1-27 Rodney Place
Elephant and Castle
September 28 - November 12
Nicola Tyson’s forty-six figurative drawings and monotypes here radiate urgency from their fiercely scored lines, febrile contours, and abbreviated limbs. There are no aestheticizing filters here—the violent immediacy of scraped ink and obsessive pencil hatching is thrust against us in these pictures of uncomfortable, sometimes brutally modified bodies.
The five large drawings along the back wall hit you first. Each shows a self-possessed and confrontational woman. In Great Pants, 2016, darkened whorls of scratchy pen lines suggest gouged eye sockets. Her mouth is a cancellation of broad slashes; her hair has the geometry of a helmet. This forbidding figure strides toward you on legs three times the length of her torso. The ink on these drawings has been applied rapidly—an explosion of marks that go from spidery thinness to vast swathes of black bandaging.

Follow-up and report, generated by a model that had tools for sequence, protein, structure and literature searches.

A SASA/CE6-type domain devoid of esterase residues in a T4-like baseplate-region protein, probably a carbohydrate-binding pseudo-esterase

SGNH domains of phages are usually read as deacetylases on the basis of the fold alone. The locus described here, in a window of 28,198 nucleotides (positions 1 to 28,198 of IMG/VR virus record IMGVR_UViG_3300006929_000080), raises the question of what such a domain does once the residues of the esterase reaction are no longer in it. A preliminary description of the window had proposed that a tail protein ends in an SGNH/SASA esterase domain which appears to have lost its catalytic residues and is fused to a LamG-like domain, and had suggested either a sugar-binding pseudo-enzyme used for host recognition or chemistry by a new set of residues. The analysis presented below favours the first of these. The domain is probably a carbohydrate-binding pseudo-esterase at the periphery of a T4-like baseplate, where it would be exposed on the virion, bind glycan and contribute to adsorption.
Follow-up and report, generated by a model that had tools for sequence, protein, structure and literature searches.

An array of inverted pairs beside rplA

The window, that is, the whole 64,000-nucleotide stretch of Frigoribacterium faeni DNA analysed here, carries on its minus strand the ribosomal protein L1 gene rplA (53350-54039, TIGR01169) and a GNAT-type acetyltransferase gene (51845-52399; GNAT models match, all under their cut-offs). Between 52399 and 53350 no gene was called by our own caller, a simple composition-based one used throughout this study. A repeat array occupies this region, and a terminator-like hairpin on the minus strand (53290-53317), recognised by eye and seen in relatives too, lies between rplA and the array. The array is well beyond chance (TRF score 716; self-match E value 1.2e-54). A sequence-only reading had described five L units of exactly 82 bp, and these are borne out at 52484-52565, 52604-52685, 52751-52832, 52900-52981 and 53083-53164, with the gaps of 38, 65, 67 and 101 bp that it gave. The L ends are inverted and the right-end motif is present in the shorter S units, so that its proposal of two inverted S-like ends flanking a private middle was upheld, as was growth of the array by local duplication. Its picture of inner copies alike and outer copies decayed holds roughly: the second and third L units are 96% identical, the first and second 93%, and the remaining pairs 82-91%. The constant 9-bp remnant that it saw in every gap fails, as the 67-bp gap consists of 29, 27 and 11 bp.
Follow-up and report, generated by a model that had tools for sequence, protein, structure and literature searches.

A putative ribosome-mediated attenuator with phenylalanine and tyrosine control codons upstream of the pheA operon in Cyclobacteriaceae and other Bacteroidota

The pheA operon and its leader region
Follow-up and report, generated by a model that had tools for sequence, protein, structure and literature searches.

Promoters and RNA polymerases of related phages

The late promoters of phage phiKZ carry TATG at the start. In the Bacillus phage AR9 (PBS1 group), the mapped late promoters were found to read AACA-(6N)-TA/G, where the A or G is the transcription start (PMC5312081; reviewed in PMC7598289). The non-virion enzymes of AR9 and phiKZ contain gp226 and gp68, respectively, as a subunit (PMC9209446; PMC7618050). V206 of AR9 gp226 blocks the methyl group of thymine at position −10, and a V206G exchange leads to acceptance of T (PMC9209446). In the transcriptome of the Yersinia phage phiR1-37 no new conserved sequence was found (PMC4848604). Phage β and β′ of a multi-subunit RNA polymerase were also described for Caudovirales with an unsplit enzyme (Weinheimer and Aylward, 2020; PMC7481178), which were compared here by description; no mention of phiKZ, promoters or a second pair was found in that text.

An adjacent room holds a set of smaller graphite nature drawings, visionary in their awkwardly looming close-ups of insects, birds, or lizards, as in Hefty butterflies begin their migration, 2015, where irregularly jutting, spotted wings crowd and tilt at one another like warplanes in a dogfight. Their alien angularities present a weird reality, as if experienced by the agitated subterranean creature of Franz Kafka’s 1931 short story “The Burrow.” Tyson’s work arrives at a baleful imaginary that oscillates between the recognizable and an assortment of peculiar contours and tonalities that rebel at their referential function. We marvel at these agglomerations of abrupt gestures that evade any secure or rational knowledge of things.